There is increasing global interest in how best to support the role of community health workers (CHWs) in building bridges between communities and the health sector. CHWs’ intermediary position means that interpersonal relationships are an important factor shaping CHW performance. This study aimed to obtain in-depth insight into the facilitators of and barriers to interpersonal relationships between health surveillance assistants (HSAs) and actors in the community and health sector in hard-to-reach settings in two districts in Malawi, in order to inform policy and practice on optimizing HSA performance.
The study followed a qualitative design. Forty-four semi-structured interviews and 16 focus group discussions were conducted with HSAs, different community members and managers in Mchinji and Salima districts. Data were recorded, transcribed, translated, coded and thematically analysed.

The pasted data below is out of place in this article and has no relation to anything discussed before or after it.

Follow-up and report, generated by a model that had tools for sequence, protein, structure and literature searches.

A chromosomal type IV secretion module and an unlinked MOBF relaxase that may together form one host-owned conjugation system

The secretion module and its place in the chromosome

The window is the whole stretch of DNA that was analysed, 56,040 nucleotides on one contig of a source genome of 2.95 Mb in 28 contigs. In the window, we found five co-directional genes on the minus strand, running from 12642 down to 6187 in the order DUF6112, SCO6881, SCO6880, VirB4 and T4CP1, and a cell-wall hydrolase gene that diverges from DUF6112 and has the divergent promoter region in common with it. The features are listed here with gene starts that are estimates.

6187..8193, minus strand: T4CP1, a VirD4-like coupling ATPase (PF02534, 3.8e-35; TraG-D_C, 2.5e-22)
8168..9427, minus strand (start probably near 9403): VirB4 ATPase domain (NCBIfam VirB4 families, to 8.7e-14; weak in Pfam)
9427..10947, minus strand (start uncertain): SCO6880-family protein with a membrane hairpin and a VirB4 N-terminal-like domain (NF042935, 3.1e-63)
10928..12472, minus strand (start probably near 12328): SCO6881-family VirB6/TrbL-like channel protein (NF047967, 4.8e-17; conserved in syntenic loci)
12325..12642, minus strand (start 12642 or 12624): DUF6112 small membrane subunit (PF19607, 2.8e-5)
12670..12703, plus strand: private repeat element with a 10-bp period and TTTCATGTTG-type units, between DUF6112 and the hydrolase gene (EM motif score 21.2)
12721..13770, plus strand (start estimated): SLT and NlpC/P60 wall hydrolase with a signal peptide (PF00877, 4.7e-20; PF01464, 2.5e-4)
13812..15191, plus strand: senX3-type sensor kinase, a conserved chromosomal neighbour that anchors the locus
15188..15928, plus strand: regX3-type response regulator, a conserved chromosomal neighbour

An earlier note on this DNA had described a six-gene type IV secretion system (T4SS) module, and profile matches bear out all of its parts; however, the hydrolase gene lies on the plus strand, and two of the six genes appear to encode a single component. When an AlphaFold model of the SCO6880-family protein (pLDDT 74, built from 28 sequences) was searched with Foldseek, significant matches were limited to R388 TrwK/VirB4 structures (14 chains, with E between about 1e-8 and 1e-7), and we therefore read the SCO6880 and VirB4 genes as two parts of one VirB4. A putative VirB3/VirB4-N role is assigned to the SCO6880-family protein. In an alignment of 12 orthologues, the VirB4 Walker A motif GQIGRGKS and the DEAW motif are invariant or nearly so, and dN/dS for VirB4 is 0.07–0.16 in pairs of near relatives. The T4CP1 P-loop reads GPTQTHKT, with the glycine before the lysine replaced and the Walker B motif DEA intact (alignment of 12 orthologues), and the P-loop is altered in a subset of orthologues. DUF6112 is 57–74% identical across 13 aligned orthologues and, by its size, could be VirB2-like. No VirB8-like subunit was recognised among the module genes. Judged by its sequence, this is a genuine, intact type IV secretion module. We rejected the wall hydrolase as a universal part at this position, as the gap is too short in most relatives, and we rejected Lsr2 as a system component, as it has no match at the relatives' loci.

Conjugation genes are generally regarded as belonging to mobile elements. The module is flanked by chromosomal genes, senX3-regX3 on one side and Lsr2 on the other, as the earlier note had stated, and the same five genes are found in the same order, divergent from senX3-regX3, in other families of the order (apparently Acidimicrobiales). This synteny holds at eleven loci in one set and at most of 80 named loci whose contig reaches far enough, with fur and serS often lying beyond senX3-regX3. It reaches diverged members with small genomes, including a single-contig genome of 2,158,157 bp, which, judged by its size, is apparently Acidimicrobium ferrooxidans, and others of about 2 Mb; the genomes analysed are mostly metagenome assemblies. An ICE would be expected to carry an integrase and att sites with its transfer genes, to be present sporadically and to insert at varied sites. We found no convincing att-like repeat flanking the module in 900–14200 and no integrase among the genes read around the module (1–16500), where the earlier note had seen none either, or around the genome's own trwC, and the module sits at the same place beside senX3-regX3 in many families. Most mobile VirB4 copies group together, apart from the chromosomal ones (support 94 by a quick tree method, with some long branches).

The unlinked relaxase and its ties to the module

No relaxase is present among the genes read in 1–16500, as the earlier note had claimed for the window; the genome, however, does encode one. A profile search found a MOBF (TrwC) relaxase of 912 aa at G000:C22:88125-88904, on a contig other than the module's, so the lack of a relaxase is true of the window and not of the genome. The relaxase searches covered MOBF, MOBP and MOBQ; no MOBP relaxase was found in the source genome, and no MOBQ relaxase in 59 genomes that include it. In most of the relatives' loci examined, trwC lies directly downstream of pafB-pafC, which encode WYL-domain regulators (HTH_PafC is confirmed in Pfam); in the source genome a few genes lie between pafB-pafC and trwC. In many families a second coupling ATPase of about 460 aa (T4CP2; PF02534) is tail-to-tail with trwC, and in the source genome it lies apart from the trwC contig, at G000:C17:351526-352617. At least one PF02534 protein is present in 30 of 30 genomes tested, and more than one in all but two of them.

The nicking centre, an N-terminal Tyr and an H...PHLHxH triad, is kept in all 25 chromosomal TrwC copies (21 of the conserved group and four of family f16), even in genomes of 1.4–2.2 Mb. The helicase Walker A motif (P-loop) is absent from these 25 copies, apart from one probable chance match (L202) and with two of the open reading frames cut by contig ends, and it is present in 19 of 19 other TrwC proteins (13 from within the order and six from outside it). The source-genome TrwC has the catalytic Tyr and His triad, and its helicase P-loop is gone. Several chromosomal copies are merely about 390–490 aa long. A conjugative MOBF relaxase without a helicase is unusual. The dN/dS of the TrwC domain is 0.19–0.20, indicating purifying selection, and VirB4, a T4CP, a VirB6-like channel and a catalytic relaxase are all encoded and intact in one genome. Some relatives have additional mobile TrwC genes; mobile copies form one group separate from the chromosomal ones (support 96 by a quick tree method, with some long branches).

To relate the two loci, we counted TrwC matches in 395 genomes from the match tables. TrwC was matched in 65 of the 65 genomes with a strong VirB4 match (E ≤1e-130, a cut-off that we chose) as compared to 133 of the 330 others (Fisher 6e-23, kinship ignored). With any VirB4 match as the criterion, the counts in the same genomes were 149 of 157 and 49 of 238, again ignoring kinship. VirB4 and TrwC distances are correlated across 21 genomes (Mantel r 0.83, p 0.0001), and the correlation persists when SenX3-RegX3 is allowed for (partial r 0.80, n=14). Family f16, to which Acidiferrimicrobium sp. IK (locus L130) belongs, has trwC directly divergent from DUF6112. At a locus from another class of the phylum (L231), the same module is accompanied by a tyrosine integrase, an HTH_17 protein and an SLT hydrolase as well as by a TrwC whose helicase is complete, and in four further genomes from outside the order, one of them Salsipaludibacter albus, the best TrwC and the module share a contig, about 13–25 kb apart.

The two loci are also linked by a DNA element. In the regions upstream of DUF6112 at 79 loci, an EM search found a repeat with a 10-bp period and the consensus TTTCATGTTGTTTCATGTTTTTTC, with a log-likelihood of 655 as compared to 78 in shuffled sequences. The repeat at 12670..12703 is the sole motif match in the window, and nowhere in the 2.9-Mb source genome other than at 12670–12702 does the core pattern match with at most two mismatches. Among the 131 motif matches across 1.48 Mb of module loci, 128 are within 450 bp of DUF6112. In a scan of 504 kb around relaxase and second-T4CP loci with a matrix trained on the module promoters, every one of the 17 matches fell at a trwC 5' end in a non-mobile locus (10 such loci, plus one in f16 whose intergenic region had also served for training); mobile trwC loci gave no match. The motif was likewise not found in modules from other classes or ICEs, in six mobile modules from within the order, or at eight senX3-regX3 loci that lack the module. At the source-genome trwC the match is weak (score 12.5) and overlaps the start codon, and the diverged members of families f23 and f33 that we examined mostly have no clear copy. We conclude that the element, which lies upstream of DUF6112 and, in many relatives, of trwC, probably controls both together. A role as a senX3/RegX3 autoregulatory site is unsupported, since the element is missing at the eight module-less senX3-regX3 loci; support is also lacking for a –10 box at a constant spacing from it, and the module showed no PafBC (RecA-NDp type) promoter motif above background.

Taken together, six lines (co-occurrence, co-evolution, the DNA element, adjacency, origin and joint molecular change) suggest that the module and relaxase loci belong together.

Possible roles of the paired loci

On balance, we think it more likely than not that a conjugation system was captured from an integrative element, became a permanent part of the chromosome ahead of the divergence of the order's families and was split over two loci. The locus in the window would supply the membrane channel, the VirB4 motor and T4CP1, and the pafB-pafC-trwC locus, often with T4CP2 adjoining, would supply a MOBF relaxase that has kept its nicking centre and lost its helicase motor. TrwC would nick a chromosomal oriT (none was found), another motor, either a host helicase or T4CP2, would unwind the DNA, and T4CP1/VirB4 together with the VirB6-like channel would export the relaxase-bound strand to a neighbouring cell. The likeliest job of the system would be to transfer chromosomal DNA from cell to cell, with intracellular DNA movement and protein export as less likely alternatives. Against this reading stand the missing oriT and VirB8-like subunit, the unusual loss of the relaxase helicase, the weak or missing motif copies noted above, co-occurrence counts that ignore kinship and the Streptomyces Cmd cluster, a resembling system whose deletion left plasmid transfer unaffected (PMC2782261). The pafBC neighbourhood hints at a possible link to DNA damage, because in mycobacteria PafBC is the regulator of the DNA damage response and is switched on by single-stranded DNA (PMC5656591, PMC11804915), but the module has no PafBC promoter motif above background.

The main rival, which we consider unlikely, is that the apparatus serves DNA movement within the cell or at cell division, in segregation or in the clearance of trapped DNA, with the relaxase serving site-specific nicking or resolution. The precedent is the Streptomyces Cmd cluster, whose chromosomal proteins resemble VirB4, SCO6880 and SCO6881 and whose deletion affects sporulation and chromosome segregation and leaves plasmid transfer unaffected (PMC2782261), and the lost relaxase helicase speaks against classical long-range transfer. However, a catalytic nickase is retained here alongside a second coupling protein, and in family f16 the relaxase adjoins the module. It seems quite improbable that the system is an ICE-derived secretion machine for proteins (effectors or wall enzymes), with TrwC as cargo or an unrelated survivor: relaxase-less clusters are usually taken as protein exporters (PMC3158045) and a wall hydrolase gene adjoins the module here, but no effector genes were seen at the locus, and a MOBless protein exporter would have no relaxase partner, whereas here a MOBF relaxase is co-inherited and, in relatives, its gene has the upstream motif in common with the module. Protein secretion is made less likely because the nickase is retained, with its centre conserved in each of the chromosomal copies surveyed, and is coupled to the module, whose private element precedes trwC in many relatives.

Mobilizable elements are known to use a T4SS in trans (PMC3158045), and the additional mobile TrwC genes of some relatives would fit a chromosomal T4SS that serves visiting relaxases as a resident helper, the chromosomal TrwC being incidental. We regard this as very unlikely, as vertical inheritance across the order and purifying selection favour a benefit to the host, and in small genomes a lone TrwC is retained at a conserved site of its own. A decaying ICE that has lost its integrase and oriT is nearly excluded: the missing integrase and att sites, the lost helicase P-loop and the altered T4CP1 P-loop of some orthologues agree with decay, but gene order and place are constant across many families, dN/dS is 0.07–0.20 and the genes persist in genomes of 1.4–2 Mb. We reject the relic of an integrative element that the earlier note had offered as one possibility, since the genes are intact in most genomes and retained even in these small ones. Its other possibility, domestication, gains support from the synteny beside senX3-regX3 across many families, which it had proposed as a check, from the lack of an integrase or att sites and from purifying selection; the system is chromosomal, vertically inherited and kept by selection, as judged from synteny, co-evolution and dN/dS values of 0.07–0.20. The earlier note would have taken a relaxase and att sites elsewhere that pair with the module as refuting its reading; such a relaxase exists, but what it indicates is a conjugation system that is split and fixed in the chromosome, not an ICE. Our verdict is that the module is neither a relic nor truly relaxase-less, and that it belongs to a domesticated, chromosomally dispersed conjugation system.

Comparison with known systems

HSAs had relatively strong interpersonal relationships with traditional leaders and volunteers, who were generally supportive of their work. From the health sector side, HSAs linked to health professionals and managers, but found them less supportive. Accountability structures at the community level were not well-established and those within the health sector were executed irregularly. Mistrust from the community, volunteers or HSAs regarding incentives and expectations that could not be met by “higher levels” undermined support structures and led to demotivation and hampered performance. Supervision and training were sometimes a source of mistrust and demotivation for HSAs, because of the perceived disinterest of supervisors, uncoordinated supervision and favouritism in selection of training participants. Rural HSAs were seen as more disadvantaged than HSAs in urban areas.
HSAs’ intermediary position necessitates trusting relationships between them and all actors within the community and the health sector. There is a need to improve support and accountability structures that facilitate communication and dialogue, increase trust and manage expectations and thereby improve interpersonal relationships between HSAs and actors in the community and health sector. This would maximize the value of HSAs’ unique intermediary position and support them to deliver equitable health services. This is particularly important in rural areas, where HSAs often constitute the only point of contact with health services, yet report limited support from the health system.